Together, we make a list of goals for the next four weeks and write them in the planner. Tomorrow we’ll break those down into steps and figure out what needs to happen each day or each week to meet those goals, and we’ll write all that on our calendar.
While I want the kids to have plenty of time for exploring and following their interests, I also want them to have practice at setting goals and thinking through the steps they’ll need to finish their projects.
We want to make sure we’re protecting the time and space to focus on the things that matter most to us, and reflecting regularly on our progress has really been helpful.
While I’m talking with one kid at a time, the others work on their projects, ride scooters outside, pop popcorn, and ask approximately one million questions. (Do we have more hot glue sticks? Can we use the camera? Why do we have to outgrow our favorite shoes? Can we have a turn with the iPad? Has anyone seen the paper cutter? When can we go see Star Wars: The Force Awakens again?)
After a while the five-and-under crowd is bored with all the talking, so they settle in for an episode of Curious George before lunch.
After we eat, Abigail settles into her room with a library book, Owen checks his favorite YouTube channel for any new videos on remote controlled airplanes, Audrey works with modeling clay at her desk, Sadie is reading, Eli has a turn being a Toca Boca Pet Doctor with the iPad, Evelyn goes down for a nap, and I am writing this for you.
We don’t need to be anywhere else this afternoon, so after Evelyn wakes up, we brew a pot of tea. I read aloud while the kids have their tea and snacks. And, okay, yes, cookies too.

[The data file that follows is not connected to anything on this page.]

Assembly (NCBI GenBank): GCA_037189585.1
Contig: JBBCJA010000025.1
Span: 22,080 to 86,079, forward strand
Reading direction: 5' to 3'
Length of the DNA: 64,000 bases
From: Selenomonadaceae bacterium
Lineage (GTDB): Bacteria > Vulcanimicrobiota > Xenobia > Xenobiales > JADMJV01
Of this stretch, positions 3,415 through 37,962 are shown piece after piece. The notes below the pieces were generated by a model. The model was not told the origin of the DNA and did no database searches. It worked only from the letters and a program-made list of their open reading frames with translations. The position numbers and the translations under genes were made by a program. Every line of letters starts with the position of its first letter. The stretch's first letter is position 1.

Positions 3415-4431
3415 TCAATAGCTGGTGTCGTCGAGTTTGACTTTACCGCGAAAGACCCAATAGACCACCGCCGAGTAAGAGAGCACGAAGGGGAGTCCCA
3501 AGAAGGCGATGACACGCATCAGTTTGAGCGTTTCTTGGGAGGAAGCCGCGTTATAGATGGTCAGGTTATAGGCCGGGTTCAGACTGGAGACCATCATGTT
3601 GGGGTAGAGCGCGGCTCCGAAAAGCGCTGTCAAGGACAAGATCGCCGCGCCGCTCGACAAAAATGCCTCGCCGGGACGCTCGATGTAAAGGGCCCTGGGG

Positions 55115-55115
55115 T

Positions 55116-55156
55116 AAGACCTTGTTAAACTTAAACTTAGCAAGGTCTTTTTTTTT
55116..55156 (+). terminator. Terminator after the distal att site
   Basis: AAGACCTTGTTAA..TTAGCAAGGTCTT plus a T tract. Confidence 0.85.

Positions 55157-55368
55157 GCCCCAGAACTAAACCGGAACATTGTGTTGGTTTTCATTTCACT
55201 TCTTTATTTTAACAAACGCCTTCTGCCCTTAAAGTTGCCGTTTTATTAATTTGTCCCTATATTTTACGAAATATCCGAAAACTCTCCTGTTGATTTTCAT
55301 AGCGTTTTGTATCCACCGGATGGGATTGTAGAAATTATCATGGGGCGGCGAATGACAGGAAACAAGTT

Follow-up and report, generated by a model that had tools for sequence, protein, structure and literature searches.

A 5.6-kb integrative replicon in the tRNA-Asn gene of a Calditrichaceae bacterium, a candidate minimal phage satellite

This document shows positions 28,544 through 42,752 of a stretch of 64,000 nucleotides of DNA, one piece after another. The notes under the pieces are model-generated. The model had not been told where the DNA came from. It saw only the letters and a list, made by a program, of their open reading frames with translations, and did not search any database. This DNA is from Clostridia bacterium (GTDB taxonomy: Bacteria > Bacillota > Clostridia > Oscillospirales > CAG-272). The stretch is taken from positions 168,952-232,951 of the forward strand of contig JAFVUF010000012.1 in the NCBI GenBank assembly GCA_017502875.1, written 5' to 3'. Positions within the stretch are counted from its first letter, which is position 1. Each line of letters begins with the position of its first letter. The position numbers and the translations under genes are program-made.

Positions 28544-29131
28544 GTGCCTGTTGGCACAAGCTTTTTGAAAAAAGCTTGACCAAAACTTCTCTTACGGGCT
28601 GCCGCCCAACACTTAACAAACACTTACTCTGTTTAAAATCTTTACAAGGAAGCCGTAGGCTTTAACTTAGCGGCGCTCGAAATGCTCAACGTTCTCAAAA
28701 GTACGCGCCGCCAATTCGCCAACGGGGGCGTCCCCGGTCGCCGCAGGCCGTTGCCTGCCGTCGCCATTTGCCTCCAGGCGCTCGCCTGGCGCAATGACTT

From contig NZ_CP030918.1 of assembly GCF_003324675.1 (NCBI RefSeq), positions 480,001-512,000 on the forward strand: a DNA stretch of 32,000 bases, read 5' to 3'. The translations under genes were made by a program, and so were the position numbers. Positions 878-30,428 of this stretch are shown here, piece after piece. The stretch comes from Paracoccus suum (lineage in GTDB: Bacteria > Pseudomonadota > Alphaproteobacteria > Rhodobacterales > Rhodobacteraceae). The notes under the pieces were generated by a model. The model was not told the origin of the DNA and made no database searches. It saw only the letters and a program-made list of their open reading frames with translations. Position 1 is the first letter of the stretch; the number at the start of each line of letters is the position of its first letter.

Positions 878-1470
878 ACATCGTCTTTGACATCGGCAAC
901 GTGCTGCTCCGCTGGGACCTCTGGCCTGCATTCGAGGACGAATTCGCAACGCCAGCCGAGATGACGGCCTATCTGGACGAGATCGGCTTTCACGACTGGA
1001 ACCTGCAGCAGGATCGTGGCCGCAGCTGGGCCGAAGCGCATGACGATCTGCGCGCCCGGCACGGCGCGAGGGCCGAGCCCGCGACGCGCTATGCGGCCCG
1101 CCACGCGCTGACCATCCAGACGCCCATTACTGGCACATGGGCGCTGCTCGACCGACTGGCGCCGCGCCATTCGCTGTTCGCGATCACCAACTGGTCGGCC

Then we play and chat and get ready for dinner. Abigail tells me about the cool plot twist in the book she’s reading and Owen demonstrates his new plane’s maneuvers. Audrey braves the winter chill for one more round of scooter-ing before dark. Sadie and Evelyn play with the dollhouse again, and Eli is building a puzzle while firing off more wookiee-related questions.
My mom stopped by last week with a crate of potatoes in the trunk of her car. (Overzealous CSA delivery? Really, really good sale? Maybe she has a friend who is a potato farmer? I did not have a chance to ask.) Either way, we now have a lot of potatoes in our pantry, so I ask each of the older kids to scrub a few. We’ll roast them to go with dinner.
After dinner and cleanup, we think about the next day: what’s for breakfast, do we have clean clothes, what do we want to work on?
Next week, when we’ve finished our planning week and are on to regular routines and projects, I’ll pull out the kids’ spiral notebooks after dinner. We’ll write down what each person plans to work on for the next day, along with any chores or notes.
Spiral notebooks get left out on the breakfast table. In the morning, each kid can each check their notebook to remember how they intended to spend their time, and they can draw satisfying lines crossing out the things they finish.
And then, and then, and then: bedtime for kids!
We’re set for the morning. I’ll throw in more laundry after everyone’s settled, I’ll reply to email, we’ll have adult conversation and ice cream.
Do you have a rhythm of planning and doing? Do your kids help with the planning? What works best at your house?
How the days have changed: